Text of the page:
Section 32B of the Arbitration Act determines costs in relation to arbitral proceedings, and not the Advocates’ Remuneration Order. This means that costs and expenses apportioned ought to be determined by the Arbitral Tribunal pursuant to the discretionary power granted to them by the said Section.

Links

Case No.

MISC/E465/2019

Parties

MATRIX BUSINESS CONSULTANTS LIMITED, PEMOCOM COMMUNICATIONS LIMITED, SANIWALO COMMUNICATIONS LIMITED, ROZACOM COMMUNICATIONS LIMITED, DACO COMMUNICATIONS LIMITED Vs. SAFARICOM LIMITED

Rationale & Relevance

The ratio decidendi applied by the Judge is that the grounds for setting aside an arbitral award should be interpreted narrowly, with specific emphasis on the public policy ground. According to the Judge, Applicants must be put to strict proof in order to satisfy any of the grounds. In the absence of that, then the finality of an arbitral awards should be respected and courts should not interfere.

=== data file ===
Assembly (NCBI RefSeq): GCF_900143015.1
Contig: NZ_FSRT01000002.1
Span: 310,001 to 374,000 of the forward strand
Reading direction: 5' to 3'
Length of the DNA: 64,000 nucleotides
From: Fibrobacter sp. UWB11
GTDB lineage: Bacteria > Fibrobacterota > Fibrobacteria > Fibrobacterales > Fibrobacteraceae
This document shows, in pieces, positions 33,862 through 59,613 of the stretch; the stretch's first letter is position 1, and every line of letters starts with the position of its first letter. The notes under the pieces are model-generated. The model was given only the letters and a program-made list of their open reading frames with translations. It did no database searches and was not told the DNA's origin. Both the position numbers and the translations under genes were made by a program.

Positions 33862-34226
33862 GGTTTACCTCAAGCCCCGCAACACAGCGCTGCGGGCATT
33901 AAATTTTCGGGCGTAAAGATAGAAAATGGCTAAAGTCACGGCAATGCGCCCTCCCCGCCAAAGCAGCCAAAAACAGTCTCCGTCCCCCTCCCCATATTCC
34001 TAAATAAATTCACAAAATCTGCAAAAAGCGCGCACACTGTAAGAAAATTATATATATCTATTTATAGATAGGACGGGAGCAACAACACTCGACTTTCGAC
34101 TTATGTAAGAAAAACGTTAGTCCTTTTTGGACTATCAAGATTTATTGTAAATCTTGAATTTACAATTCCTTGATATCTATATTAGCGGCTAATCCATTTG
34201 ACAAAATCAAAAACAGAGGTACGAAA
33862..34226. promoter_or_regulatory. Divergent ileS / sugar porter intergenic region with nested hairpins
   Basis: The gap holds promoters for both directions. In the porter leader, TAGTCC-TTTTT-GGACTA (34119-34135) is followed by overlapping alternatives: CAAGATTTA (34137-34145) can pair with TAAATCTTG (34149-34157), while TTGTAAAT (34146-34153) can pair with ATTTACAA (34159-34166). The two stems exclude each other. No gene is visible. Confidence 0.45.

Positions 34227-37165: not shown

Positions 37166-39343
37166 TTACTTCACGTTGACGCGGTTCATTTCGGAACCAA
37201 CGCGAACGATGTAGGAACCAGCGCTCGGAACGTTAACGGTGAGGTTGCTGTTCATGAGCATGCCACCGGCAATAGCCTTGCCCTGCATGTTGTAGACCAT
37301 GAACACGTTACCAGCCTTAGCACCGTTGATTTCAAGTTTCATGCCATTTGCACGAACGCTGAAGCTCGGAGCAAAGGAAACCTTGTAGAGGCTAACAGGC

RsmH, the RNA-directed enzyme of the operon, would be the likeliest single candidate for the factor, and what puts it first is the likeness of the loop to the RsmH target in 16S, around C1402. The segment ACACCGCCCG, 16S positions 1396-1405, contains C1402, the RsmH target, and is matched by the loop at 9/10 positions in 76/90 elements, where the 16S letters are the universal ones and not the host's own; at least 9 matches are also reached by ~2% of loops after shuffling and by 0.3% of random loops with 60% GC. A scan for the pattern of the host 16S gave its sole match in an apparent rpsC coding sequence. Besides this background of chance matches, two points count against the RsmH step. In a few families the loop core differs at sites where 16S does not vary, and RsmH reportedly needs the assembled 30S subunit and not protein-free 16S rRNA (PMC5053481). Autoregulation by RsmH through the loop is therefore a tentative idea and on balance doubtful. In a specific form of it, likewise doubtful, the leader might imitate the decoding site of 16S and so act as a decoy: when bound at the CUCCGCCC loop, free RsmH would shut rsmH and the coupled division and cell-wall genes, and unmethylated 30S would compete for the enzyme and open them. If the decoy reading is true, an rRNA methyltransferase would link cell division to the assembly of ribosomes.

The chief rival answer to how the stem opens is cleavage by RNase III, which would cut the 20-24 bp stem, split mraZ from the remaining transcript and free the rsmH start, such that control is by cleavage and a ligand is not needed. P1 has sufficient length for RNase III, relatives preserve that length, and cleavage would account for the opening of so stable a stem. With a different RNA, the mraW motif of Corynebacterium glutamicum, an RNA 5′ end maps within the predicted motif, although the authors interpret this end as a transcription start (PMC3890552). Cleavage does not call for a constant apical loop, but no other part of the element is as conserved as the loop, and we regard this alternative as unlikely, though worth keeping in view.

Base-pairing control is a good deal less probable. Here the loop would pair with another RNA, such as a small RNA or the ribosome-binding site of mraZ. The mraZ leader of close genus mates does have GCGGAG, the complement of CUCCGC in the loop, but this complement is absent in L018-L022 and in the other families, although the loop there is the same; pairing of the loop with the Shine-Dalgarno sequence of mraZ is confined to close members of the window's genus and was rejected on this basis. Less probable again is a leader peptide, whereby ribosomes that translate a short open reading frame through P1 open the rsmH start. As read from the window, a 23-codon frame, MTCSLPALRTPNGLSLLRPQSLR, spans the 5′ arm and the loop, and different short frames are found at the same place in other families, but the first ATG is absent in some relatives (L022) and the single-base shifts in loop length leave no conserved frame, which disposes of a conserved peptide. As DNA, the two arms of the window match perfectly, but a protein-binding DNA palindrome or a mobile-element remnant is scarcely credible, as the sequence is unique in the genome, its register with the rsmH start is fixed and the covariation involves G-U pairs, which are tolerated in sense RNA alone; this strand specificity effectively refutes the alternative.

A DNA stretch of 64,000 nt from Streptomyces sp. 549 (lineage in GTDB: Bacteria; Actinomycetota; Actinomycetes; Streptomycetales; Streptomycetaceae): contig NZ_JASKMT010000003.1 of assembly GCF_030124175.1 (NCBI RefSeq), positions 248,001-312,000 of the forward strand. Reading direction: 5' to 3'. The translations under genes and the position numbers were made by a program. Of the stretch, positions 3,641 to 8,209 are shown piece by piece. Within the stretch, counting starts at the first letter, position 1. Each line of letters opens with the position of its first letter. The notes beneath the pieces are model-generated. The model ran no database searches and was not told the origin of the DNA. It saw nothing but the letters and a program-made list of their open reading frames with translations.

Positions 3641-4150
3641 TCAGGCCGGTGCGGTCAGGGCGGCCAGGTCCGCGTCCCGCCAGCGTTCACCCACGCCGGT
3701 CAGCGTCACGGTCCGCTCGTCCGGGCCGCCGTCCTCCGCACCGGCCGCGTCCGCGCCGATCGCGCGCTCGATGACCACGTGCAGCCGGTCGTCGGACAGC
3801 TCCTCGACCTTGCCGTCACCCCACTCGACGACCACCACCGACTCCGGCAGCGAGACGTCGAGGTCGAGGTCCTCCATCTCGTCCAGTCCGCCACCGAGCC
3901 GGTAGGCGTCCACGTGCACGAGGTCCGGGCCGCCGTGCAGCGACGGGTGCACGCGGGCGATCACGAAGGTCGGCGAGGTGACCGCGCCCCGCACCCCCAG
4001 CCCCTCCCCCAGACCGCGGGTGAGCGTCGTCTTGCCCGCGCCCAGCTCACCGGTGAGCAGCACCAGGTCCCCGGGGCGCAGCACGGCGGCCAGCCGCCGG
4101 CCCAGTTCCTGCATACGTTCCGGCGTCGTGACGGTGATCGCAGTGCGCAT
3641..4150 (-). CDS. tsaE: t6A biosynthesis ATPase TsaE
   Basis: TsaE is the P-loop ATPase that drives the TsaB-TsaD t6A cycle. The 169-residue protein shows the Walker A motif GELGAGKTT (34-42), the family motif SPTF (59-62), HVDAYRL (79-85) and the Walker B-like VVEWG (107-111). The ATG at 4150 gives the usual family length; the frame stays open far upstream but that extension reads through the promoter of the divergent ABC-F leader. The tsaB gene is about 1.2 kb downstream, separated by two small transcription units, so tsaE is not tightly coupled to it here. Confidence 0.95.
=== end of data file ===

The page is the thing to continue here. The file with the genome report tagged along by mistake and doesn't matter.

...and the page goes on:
Section 35 of the Arbitration Act 1995 speaks to the finality of Arbitral Awards.

The decision(s) arrived upon by an Arbitral Tribunal are final and binding. Parties who forward a dispute to an arbitration ought to anticipate the final and binding nature of arbitral awards.

The public policy ground for setting aside an Arbitral Awards ought to be interpreted narrowly(strictly) according to the current jurisprudence.

Links

Case No.

MISC/468/2019

Parties

EPCO BUILDERS LIMITED Vs. SOUTH DEVELOPMENT COMPANY LIMITED

Rationale & Relevance

In determining the issue, the Court stated that the import of Section 34 of the Arbitration Act is that it allows any party to seek correction or clarification of an award as long as the clarification is sought within the time stipulated under the section upon notice being given to the other party.

The court also observed that the statute bar of filing setting aside application after 3 months is indeed a legal requirement. It however noted that for this particular case, it is important to determine the statute-bar at the hearing of the application on the application of Sections 34 and 35 of the Arbitration Act to the instant case.

Links